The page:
Two Conversations About Prejudice

I present to you two conversations I’ve had recently, for the most part without comment. Conversations have been paraphrased to the best of my ability to protect the innocent and/or guilty.

The first was with a co-worker, while we were contemplating potential “some day” career moves (in location, not position). Note that the co-worker (designated as CW) and I are both white.

Me: “I couldn’t possibly convince my husband to move to [southern state known for racial tension]! There’s no way.”

CW: “Why not?”

Me: “You want me to move with my black husband to [state]? Are you crazy? I don’t mean to be stereotypical, but I can’t even get him to go into central Kentucky without being paranoid.”

CW, giving me disbelieving look: “But stuff like that doesn’t really happen does it?”

Me, with my own disbelieving look. “You’re kidding, right? My husband and I have gotten odd looks driving through central Ohio and Pennsylvania. There’s no telling what we’d get [there], and honestly I don’t think I would feel comfortable either.”

CW: “Really?! I can’t believe you’ve had that happen to you.”

Me: “I’ve even gotten comments from a couple of people here in [city]. One woman gave me a clear attitude of  ‘How dare you have married a black man?’ The second was [mutual acquaintance] who lectured me on how interracial couples shouldn’t have children because it makes it too hard on the kids.”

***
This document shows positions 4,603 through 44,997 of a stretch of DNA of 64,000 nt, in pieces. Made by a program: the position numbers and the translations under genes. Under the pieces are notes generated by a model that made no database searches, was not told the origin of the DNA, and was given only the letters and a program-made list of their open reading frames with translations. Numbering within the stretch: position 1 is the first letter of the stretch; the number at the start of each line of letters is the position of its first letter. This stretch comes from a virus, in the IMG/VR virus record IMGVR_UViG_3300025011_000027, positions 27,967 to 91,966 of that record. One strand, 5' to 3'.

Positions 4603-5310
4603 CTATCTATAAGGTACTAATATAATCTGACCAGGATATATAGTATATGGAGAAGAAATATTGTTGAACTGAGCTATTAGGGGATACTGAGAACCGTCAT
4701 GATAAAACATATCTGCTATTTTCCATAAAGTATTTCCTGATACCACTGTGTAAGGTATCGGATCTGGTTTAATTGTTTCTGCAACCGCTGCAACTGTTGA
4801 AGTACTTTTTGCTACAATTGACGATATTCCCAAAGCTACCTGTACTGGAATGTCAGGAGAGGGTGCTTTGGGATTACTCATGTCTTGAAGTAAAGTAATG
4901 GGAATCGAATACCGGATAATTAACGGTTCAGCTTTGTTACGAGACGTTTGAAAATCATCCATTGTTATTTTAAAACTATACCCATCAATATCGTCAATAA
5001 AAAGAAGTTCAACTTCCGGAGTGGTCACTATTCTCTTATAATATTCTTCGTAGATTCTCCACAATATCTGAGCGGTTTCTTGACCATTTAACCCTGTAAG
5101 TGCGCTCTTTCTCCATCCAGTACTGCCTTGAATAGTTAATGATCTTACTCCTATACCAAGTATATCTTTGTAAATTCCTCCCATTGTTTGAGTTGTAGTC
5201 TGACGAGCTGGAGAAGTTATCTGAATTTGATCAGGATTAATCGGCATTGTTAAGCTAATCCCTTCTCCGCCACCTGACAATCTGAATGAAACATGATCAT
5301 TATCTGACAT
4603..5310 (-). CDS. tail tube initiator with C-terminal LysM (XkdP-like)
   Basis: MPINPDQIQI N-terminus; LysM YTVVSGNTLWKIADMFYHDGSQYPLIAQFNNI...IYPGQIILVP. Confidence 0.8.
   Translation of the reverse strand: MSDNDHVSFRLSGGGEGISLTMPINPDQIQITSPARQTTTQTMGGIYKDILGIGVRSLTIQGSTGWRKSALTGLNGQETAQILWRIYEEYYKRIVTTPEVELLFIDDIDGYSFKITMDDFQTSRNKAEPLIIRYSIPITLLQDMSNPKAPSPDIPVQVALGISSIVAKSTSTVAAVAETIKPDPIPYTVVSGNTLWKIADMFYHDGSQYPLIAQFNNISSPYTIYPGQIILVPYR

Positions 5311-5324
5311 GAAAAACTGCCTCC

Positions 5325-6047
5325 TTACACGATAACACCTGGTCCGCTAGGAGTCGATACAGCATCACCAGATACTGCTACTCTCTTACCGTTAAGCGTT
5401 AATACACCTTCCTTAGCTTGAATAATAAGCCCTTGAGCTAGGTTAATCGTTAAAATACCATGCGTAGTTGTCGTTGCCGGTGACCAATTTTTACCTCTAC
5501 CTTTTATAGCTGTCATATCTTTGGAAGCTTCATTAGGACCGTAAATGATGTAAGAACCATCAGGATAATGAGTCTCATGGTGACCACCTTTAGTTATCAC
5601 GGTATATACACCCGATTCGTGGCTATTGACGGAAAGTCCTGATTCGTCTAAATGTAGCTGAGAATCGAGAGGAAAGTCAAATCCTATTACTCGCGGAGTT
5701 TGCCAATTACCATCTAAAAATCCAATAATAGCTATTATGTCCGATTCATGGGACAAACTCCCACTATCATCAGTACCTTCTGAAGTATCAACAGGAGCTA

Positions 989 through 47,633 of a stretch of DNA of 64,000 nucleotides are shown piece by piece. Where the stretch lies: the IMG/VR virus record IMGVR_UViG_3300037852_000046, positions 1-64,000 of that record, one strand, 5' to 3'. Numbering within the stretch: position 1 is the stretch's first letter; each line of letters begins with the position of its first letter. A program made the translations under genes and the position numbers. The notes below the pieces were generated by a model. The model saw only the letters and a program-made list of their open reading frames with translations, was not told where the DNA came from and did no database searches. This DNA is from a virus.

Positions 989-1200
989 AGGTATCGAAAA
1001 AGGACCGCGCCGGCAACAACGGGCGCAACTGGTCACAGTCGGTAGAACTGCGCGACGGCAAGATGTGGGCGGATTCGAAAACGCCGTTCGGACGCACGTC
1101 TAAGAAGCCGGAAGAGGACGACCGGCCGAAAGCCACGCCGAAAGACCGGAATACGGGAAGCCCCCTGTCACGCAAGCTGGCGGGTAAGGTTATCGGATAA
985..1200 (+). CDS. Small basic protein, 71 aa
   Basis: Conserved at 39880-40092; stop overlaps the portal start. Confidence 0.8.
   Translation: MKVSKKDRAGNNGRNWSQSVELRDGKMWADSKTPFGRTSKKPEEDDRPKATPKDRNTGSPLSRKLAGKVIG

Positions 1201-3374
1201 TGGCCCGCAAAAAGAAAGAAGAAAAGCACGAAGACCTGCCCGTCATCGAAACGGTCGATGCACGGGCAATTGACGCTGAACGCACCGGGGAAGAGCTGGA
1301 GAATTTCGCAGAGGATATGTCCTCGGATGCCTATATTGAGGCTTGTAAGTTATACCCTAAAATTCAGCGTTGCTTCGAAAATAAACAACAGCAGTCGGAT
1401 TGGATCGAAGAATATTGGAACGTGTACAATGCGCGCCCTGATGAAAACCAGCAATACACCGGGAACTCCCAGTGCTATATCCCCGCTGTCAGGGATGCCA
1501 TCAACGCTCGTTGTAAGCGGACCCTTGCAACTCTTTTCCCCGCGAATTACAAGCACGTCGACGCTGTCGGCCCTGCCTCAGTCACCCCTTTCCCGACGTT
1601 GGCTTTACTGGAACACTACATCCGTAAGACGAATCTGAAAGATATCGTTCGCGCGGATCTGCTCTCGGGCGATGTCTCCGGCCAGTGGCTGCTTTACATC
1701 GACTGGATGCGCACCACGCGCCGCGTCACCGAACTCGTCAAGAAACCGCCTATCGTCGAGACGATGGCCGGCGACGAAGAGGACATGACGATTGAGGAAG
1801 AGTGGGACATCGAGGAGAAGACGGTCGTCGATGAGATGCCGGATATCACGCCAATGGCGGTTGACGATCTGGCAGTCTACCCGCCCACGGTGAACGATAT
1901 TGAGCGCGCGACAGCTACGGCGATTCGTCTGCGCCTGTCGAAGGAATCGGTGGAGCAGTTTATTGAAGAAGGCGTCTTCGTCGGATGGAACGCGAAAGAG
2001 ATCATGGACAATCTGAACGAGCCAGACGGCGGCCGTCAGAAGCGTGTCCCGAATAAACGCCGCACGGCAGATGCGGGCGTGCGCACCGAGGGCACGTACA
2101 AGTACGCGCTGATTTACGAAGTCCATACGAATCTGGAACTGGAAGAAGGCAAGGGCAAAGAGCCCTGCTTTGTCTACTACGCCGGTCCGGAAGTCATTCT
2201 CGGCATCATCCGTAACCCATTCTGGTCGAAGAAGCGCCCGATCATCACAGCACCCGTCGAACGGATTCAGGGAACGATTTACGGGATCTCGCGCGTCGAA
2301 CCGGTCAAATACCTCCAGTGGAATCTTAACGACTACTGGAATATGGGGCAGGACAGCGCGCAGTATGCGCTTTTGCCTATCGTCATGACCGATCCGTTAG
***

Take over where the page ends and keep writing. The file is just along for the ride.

CW, still stunned: “I just can’t believe it.”

I wasn’t upset that my co-worker didn’t realize that these things are a lot closer to home than she might think. How would she know, having never been in the position to experience them? It just made me sad that it probably wasn’t something she would ever advocate for, despite having no ill intentions, because she didn’t even realize it was needful.

The second conversation happened today, in the car with my husband. He had made a reference to one of his favorite old Mad TV skits wherein they praise the “Nice White Lady”.

DH: “Thank you, Nice White Lady.”

Me, jokingly: “But I’m not the ‘nice white lady’. You don’t see me going around saving people.”

DH: “But you are a nice white lady.”

Me: “Yeah, but I don’t have the nice white lady magic. At the end of the day, I’m still poor. Nobody’s giving me a bunch of stuff.”

DH: “Look at it this way. Have you ever been pulled over by the cops?”

Me, laughing: “Yeah, lots of times, you know that.”

(Note: It hasn’t really been “lots of times”, but I’ve had my share of speeding tickets.)

DH: “Have you ever been jerked out of the car?”

Me, thinking: “Oh… *pause* You have a point.”

At that moment, I knew how my co-worker had felt because I had my own little knee-jerk “but that wouldn’t really happen!” moment. Even though I know it happens. Even though I know it happens frequently. And then I felt really, really lucky that it’s never happened to me.

[Note: I have not relayed the first story here as a request for sympathy, as I know that I’m incredibly lucky and privileged just by virtue of having been born who and what I am. This is here as a teachable moment for myself, and hopefully, others. Thanks for reading.]

3 Replies to “Two Conversations About Prejudice”

  1. Having lived my life with a relatively low difficulty setting, it’s impossible for me to see things from the point of view of a PoC… but I do believe that *every*single*person* on this earth is equal, no matter the color of their skin, their nationality, their political affiliation, their religion, their sexual orientation, or their financial standing. People are people are people.

    If only EVERYone looked at the world that way. =/

  2. Unfortunately, I grew up in an area where instances of overt racism were pretty rampant. Still are, actually. Listening to my family talk sometimes makes me sick. Thanks for sharing.

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